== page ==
¶ 8. Taylor cites that Mississippi Rule of Evidence 804(b) provides that former testimony is not excluded by the hearsay rule if the declarant is unavailable as a witness. His authorities, McMasters v. State, 83 Miss. 1, 35 So. 302 (1903); Smith v. State, 247 So.2d 705 (Miss.1971); Lee v. State, 124 Miss. 398, 86 So. 856 (1921), are all inapplicable to this case since they apply only to the admissibility of former testimony. The statements provided by the aunts were not sworn statements. It has been well established in this state that arguments unsupported by authority will not be considered on appeal. Harris v. State, 386 So.2d 393, 396 (Miss.1980); Kelly v. State, 553 So.2d 517, 520 (Miss.1989). In Harris v. State, 386 So.2d at 396 (quoting Ramseur v. State, 368 So.2d 842, 844 (Miss.1979)), the Court said: "Where assignments of error are unsupported by argument and authority, the Court does not, as a general rule, consider them."

¶ 9. In addition to this procedural bar, this assignment of error fails on merit. The statements of the unavailable witnesses were hearsay and did not fit into any of the exceptions of M.R.E. 804(b), which exclude from hearsay former testimony, statements made under belief of impending death, and statements against interest. The statements also do not fall under any other hearsay exception. M.R.E. 804(b)(5) provides that statements which do not fall within the other recognized exceptions may be admitted into evidence as an exception if the court determines:

(A) the statement is offered as evidence of a material fact;
(B) the statement is more probative on the point for which it is offered than any other evidence which the proponent can procure through reasonable efforts; and
(C) the general purposes of these rules and the interests of justice will best be served by admission of the statements into evidence.

¶ 10. The court has held before that statements of unavailable witnesses may be admitted under this provision of the rule where they were relevant to a material issue in the trial. Butler v. State, 702 So.2d 125, 127 (Miss.1997). The aunts's statements do not fall into this catch-all exception. Whether or not the child told her aunts that her stepfather was sexually abusing her before she was raped has nothing to do with whether or not Taylor took her into his bedroom and raped her on January 3, 1997. The statements by the aunts do not satisfy any of the subsections of the rule. The general purposes of the rules and the interests of justice would not have been served by the admission of this irrelevant information, and the trial court was correct in excluding it.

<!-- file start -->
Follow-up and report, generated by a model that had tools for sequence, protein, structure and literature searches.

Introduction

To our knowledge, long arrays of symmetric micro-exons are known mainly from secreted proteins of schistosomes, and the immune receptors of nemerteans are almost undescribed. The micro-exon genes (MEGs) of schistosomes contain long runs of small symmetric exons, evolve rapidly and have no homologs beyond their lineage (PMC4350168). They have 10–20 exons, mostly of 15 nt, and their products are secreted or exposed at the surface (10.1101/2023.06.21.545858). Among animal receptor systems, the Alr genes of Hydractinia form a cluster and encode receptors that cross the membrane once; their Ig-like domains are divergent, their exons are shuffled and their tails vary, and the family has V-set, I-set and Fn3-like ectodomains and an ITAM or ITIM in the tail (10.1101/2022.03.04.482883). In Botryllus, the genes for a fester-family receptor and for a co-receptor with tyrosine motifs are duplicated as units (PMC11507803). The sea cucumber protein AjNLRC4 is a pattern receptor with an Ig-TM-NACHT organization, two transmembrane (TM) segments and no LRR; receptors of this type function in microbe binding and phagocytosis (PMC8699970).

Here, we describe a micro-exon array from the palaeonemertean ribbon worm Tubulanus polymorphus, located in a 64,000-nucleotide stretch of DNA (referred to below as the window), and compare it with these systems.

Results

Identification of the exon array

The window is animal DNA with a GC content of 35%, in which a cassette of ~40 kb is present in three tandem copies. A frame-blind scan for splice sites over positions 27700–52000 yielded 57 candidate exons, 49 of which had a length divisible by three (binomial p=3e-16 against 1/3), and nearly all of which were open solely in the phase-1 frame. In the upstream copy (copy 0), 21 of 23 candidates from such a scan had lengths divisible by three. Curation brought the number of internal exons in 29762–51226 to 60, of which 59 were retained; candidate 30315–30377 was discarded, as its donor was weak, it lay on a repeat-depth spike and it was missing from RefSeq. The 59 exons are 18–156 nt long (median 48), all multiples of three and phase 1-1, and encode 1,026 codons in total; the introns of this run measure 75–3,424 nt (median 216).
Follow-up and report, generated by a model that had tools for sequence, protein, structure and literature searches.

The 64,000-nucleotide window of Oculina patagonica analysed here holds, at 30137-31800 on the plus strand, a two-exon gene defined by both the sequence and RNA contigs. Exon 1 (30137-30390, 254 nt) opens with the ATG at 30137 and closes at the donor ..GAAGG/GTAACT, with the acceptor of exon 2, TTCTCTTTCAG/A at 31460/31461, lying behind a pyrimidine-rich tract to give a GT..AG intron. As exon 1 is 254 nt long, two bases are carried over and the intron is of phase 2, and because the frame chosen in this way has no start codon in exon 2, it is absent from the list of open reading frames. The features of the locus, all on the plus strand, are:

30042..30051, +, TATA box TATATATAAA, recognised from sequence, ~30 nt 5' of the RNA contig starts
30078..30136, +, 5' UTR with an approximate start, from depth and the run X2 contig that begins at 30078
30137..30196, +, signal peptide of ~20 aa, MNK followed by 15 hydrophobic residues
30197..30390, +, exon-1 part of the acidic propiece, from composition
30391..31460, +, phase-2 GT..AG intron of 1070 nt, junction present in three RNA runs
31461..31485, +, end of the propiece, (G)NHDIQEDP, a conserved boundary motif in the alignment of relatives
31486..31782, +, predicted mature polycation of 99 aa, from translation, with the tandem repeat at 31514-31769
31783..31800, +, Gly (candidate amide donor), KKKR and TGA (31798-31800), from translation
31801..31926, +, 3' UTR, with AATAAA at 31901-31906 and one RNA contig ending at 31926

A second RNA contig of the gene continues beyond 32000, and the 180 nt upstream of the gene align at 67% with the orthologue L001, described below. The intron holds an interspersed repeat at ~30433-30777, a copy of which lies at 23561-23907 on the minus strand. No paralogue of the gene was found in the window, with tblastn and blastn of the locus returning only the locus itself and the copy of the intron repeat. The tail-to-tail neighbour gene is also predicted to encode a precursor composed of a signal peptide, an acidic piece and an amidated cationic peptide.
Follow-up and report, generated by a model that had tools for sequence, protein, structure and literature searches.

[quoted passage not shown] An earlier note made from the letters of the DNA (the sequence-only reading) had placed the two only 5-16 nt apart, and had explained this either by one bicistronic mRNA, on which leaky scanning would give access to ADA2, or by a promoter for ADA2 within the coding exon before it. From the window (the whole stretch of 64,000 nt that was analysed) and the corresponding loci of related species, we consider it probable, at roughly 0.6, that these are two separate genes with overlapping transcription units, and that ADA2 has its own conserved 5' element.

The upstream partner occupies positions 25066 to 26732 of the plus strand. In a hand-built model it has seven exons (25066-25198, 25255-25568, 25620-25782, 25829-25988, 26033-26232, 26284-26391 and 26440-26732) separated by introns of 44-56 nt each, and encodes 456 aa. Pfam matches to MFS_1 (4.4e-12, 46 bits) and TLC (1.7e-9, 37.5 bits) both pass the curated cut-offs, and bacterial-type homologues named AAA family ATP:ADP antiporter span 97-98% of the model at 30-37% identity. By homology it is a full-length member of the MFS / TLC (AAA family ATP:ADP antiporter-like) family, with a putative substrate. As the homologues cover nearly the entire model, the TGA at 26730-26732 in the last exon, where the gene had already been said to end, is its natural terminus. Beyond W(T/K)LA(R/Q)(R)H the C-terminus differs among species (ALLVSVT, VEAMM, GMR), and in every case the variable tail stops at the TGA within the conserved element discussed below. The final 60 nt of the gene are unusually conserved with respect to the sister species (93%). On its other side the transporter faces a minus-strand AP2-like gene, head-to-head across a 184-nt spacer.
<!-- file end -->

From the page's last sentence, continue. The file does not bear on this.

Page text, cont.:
¶ 11. The contested remark made by the district attorney during closing argument was "People who do this—this is a crime of opportunity. They do it when there's not people around and they do it to the most helpless of—the community." Taylor asserts that this comment is not based on the facts presented as evidence. He claims that arguing statements of fact that are not in evidence or necessarily inferable from evidence that are prejudicial to the defendant is error. However, these remarks were supported by the evidence and were well within the latitude allowed for closing argument. Taylor took the opportunity of raping an eight year old child during the night when no one was around. She was certainly one of the most helpless in the community.

¶ 12. Courts have consistently upheld the wide latitude that attorneys are allowed in closing arguments. Comments by prosecutors which were much more detrimental to the defense have been held not to be reversible error in prior decisions of the Mississippi Supreme Court. For example, the court in Stringer v. State, 500 So.2d 928, 939-40 (Miss.1986), upheld a comment that the defendant would be a danger to society if he did not receive the death penalty. A comment that a jury's failure to convict a defendant would open the door for other children to be abused has also been upheld. Monk v. State, 532 So.2d 592, 600-01 (Miss.1988). Reversal is not merited unless the remarks by the prosecuting attorney during closing argument create "unjust prejudice against the accused resulting in a decision influenced by prejudice." Johnson v. State, 596 So.2d 865, 869 (Miss.1992); Ormond v. State, 599 So.2d 951, 961 (Miss.1992); Dunaway v. State, 551 So.2d 162, 163 (Miss.1989). In this case the jury's verdict was not prompted by prejudice, but by solid evidence, and this error fails on the merit.

¶ 13. It should also be noted that the defense did not object to the prosecutor's closing argument, and the issue has therefore not been preserved for appeal. See Hunter v. State, 684 So.2d 625, 637 (Miss. 1996); (citing Foster v. State, 639 So.2d 1263,1288-89 (Miss.1994)) ("[I]t is incumbent on defense counsel to raise a proper objection when the offensive language is uttered or waive appellate...